This week I met up with fishmonger and fellow Gastronomy student Noel Bielaczyc at his place of work, New Deal Fish Market (622 Cambridge St). Noel gave me the inside scoop on sustainable aquaculture, and also expanded my knowledge on the different varieties of fish available. Check out the interview below…
Kelly: How did you first get interested in seafood and aquaculture?
Noel: When I moved to Ann Arbor for college, I saw a fish market and I knew I wanted to work there. I love fishing and the water, so it’s a natural mix of interests.
K: Can you tell me a bit about organic seafood certification and how valuable that is?
N: I’m kind of skeptical about the organic seafood label. It only applies to farm raised fish and just means that plant portion of their feed (soybeans, corn, etc.) was organically raised. But fish like salmon are primarily carnivores, so how can you say that the fishmeal (wild anchovies, sardines, etc.) component of their diet is organic? This label only makes sense for fish that can be raised on an entirely vegetarian diet, like tilapia and catfish. Your best bet is to look for wild, domestic seafood.
K: Can fish be farmed sustainably, and if so, how would we know?
N: I have heard of a few cases of fish being farmed sustainably, but that is not the majority of the farmed fish on the market. It can be done well, but it’s not enough to feed the world. Because salmon are carnivores, you must catch fish to grow fish, which leads to a net loss. [Salmon farms] are not really doing anything to increase supply.
K: How can consumers help support a sustainable aquaculture system?
N: If the only fish you eat are shrimp, cod, and salmon, you’re missing the point. If you want to be a responsible seafood consumer, you’ve got to branch out. Additionally, shellfish is some of the best stuff you can get. Shellfish aquaculture (like clams, mussels, or oysters) is almost like planting seeds, and it’s not nearly as intensive as salmon farming.
K: A February 2013 New York Times article reported that approximately 1/3 of the fish on the market are mislabeled. How can consumers avoid getting duped? Is there anything that should raise red flags?
N: You are most likely to run into that [deception] at a restaurant, because there’s less seafood expertise, the supply chain is longer, and there’s lots of pressure to control costs. If you are eating an $8.99 platter of scallops, snapper, and haddock, there’s a good chance it might not be what you think it is. [In order to avoid getting duped,] find a fish market you trust and fishmongers you can develop a relationship with. Over 80% of our seafood is imported, so one of the safest things you can do is buy domestic seafood whenever possible.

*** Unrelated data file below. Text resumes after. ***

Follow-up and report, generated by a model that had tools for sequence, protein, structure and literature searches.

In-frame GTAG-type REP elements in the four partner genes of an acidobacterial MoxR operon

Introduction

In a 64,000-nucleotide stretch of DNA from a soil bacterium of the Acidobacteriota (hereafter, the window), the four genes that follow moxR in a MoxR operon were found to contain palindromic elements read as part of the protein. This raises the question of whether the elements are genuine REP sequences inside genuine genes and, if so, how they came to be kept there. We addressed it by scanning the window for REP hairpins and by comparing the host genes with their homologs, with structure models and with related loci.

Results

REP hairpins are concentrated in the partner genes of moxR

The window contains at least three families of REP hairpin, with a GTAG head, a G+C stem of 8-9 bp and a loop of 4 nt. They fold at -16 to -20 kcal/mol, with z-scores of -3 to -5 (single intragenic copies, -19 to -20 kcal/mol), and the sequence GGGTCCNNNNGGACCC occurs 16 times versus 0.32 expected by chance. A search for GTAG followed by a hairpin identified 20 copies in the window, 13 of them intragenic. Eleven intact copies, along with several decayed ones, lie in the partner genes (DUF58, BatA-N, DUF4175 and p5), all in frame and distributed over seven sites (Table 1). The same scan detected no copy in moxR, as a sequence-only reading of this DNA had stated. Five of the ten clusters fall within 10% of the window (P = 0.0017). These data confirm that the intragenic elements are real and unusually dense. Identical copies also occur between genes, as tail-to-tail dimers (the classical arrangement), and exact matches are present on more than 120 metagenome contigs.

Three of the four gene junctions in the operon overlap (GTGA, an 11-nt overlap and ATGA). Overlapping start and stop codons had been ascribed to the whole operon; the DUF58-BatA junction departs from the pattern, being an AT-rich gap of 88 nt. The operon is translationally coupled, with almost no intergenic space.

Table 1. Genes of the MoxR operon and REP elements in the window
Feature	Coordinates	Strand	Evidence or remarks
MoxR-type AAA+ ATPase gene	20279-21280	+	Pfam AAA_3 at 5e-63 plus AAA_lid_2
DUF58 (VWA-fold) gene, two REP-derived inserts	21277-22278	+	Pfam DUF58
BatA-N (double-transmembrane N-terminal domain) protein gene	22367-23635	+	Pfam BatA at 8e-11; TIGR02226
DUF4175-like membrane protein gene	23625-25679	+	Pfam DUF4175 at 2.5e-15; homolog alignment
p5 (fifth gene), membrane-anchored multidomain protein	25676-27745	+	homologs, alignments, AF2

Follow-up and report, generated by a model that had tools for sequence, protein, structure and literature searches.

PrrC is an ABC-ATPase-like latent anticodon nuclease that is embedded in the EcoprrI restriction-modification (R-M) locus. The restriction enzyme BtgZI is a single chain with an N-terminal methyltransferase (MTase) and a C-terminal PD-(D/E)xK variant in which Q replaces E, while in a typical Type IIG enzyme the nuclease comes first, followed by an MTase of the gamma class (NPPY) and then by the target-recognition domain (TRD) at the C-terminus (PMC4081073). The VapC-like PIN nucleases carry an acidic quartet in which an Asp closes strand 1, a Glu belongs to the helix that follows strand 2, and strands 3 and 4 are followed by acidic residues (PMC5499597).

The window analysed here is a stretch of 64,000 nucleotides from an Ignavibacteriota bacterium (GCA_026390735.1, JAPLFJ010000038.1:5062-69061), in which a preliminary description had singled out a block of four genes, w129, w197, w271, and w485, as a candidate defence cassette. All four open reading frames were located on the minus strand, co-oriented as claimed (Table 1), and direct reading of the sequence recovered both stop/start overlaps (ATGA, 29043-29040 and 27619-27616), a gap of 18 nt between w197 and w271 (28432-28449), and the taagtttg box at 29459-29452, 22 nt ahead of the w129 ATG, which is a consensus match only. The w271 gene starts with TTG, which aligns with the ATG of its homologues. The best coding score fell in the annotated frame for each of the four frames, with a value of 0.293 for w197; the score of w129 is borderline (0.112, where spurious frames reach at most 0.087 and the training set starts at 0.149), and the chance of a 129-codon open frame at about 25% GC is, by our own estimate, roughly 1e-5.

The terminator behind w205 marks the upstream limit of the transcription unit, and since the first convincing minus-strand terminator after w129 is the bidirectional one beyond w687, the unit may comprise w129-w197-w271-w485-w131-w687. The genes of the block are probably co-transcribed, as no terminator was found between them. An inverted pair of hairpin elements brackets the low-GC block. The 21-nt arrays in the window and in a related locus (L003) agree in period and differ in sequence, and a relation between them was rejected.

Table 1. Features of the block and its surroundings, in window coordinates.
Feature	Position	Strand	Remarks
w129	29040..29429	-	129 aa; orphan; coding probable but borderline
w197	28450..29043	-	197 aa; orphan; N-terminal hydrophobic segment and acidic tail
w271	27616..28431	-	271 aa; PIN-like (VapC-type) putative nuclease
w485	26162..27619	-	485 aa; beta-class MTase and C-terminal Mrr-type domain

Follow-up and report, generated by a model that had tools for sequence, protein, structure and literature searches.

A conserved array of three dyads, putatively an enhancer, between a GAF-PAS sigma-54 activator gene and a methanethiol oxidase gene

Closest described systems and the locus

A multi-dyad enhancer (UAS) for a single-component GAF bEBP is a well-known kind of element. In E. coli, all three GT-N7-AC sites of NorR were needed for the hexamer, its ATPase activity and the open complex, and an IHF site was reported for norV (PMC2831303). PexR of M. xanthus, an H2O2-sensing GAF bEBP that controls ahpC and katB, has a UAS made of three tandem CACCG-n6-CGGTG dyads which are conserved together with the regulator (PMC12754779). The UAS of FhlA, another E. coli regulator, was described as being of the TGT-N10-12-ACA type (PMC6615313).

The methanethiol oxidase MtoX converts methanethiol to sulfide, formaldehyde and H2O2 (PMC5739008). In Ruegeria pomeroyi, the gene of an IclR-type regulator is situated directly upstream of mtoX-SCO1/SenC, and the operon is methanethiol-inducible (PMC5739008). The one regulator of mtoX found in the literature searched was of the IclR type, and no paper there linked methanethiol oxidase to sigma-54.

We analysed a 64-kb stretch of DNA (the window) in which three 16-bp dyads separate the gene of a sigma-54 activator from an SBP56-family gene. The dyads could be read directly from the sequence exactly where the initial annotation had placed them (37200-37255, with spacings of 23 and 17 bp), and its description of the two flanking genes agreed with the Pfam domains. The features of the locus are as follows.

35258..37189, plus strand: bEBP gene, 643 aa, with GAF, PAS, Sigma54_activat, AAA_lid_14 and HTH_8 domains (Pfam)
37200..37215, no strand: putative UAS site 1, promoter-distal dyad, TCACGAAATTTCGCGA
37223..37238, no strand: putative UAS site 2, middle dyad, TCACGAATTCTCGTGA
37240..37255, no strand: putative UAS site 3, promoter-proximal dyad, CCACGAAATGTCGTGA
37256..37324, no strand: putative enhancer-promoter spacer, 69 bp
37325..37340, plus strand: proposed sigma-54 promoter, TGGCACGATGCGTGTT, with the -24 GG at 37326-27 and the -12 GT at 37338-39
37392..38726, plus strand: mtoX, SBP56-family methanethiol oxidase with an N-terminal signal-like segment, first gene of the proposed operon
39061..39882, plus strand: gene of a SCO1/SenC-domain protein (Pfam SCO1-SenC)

K: Do you know of any restaurants in Boston that source fish responsibly?
N: Bergamont gets their fish from us, and they do a really great job. East by Northeast buys from us as well. I’m sure Legal Seafoods is doing something right, but I’m not really sure what their practices are. Smaller, independent places are going to be your best bet.
K: Many home cooks are intimidated by the prospect of cooking fish. Any tips?
N: The most important thing to remember is that it’s actually quicker than cooking almost anything else. Let your fishmonger do the dirty work (scaling, gutting, filleting…)! My favorite way to eat fish in the summer is actually raw. Just throw together some dry scallops, good olive oil, onions, and grapefruit juice, and you’ve got yourself a beautiful crudo. If you are unsure about which fish can be eaten raw, you have to ask, and not all fish markets are like that.
Looking for the best catch in Boston? Then visit the team at New Deal Seafood! Noel helped me pick out some excellent Striped Bass from right here in Massachusetts. Do you have a favorite type of seafood to cook? Do tell!
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